Priest or Deacon says, “A reading from the Holy Gospel according to John”. You will now say, “Glory to You, O Lord.”

Though these changes may be simple, they are profound in their ability to form us as Christians. As I said a few weeks ago in this column, ‘lex orandi, lex credendi, lex vivendi’, which means, how we pray ,affects how we believe, which, in turn, affects how we live. While it may be a little unsettling to have to change our words, I believe that these new words will help us grow closer to the God we are worshiping.
It is also an opportunity to realize that how we pray is also affected by our disposition and attitude when we pray. May all of us be prepared with open hearts and minds to receive God’s constant gift of love, especially through our Holy Liturgy.

It’s About Time
Time has many names such as the name given for the time planet earth circles the sun, another by a single rotation. There are many more names for shorter periods of time; we have also given time numbers. Although we cannot see or feel time, we have learned how to measure it. There are many types of time - a good time; a bad time; a short time; and a long time. We have a daytime, and we have a nighttime. We have free time, and we have jail time. We are given time, and it is taken away. Sometimes we are short of time, other times, we have time to waste. We have a time to laugh; we have a time to cry. We have a time to live and a time to die. When time has no importance, we call it anytime. We have much knowledge about old times and present times, but we know very little about time that has yet to arrive. Through it all, time still passes on at its own speed, unhampered by humans. Remember, when we are born, we are given a
number in time, and whether it be a long time or a short time, make the best of it. - Harry Gores, parishioner

Wednesday, November 9, 2011

Words from Fr Ed (From November 13th, 2011 Bulletin)

“Well done, my good and faithful servant.”

These are the words we hope to hear when we must give an account for how we have governed our lives.  Have we invested in the things of God?  Have we sought first the kingdom?  The parable of the talents gives us an analogy of the final judgment as we approach the end of the liturgical year.  We must give an account some day.  Why not start today?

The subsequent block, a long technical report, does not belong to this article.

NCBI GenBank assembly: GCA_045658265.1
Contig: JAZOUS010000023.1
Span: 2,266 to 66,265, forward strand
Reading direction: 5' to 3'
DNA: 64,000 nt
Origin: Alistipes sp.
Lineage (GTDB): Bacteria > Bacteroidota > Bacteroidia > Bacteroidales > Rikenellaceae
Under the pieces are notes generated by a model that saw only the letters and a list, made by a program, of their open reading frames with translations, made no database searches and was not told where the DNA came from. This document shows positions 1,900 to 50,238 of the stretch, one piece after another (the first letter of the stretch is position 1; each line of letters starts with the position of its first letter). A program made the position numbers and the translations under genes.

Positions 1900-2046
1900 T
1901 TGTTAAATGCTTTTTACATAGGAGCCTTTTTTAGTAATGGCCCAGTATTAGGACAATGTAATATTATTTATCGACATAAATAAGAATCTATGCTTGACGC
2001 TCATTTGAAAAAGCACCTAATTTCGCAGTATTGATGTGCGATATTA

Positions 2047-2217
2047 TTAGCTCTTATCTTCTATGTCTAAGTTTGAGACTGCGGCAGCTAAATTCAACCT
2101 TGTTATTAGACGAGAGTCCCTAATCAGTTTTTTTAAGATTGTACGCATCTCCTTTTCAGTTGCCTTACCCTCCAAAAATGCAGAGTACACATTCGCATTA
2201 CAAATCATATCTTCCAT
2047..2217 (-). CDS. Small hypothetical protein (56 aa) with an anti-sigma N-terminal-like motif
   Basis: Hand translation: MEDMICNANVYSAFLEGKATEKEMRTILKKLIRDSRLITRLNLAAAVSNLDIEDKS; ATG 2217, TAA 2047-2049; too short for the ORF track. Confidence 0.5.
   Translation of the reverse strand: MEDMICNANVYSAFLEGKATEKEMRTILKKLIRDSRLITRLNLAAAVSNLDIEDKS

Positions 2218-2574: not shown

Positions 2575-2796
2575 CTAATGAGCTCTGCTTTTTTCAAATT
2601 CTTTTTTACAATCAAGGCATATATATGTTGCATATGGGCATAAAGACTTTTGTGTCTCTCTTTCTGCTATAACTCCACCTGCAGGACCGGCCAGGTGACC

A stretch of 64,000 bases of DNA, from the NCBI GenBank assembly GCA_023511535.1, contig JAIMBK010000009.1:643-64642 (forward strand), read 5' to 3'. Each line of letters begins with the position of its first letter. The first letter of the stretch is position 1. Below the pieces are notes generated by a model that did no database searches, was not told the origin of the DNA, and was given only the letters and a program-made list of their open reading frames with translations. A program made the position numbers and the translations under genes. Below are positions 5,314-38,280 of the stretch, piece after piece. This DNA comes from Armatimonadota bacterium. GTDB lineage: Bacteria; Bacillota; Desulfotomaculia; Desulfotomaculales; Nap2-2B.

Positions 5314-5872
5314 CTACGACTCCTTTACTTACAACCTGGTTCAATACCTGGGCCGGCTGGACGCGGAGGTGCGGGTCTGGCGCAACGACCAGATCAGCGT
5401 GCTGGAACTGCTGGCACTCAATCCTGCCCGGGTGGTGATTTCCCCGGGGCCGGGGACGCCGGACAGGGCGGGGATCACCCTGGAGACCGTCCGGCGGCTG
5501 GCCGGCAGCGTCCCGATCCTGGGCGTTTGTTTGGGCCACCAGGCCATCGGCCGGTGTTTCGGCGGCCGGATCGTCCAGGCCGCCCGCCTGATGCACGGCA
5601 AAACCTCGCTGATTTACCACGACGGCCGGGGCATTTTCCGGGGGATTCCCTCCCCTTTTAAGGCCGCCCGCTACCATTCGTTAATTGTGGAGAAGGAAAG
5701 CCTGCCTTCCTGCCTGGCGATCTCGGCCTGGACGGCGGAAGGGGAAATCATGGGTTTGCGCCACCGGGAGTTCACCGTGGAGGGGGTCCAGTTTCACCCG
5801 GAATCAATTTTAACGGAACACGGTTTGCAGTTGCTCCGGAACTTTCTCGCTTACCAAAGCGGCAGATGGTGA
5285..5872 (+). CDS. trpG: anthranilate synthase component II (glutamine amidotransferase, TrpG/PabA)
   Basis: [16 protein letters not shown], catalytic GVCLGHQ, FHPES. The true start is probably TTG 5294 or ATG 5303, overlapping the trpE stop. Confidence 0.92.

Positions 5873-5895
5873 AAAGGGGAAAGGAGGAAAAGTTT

Mahatma Gandhi was a disciplined man.  He rose at 3:30am for prayerful reading, then at 4:30 went for a one-hour walk.  His day proceeded from one discipline to another until finally, before he retired he would take account of his finan-cial transactions that day; what he had taken in and what he had spent.  He required this of every organization that he was in charge of.  He noted in his autobiography, “The Story of My Experiments with Truth”, that he never knew anyone who practiced this habit of daily financial accountability who was in debt.

Perhaps we can apply this to the spiritual life.  Do we take account of our exchange with God today; what we have given and what we have received?  If we are honest we will see how abundantly we have received.  It can make our small contributions and anxieties seem paltry and insignificant.  And yet we have a responsibility for little things.  As our Gospel says, “Since you were faithful in small matters, I will give you great responsibilities.”

One of the earthly realities that we all face is financial responsibility.  Sure, it would be easier to return to Eden and lounge in the garden for all eternity. But the garden is closed to us since the fall of Adam and Eve.  Now we can only reenter through the wounds of Christ. He restores our lost innocence and brings an interior freedom that helps put creature concerns in order.  Through Christ we are now asked to consider what we are called to give to our parish over the coming year.

I look forward to the challenge of pushing myself beyond where I may have been before, exercising those muscles of faith and trust in God.  Of course, I don’t have natural children that depend on me.  Families must be prudent and prayerfully ask the Lord what is possible given your financial demands.  As our Old Testament reading said last week, ask for wisdom, for “…she is readily perceived by those who love her, and found by those who seek her.”  I thank you for taking time to ask the Lord what you can give to His work through St. Stephen the Martyr Church.  He will reward you accordingly.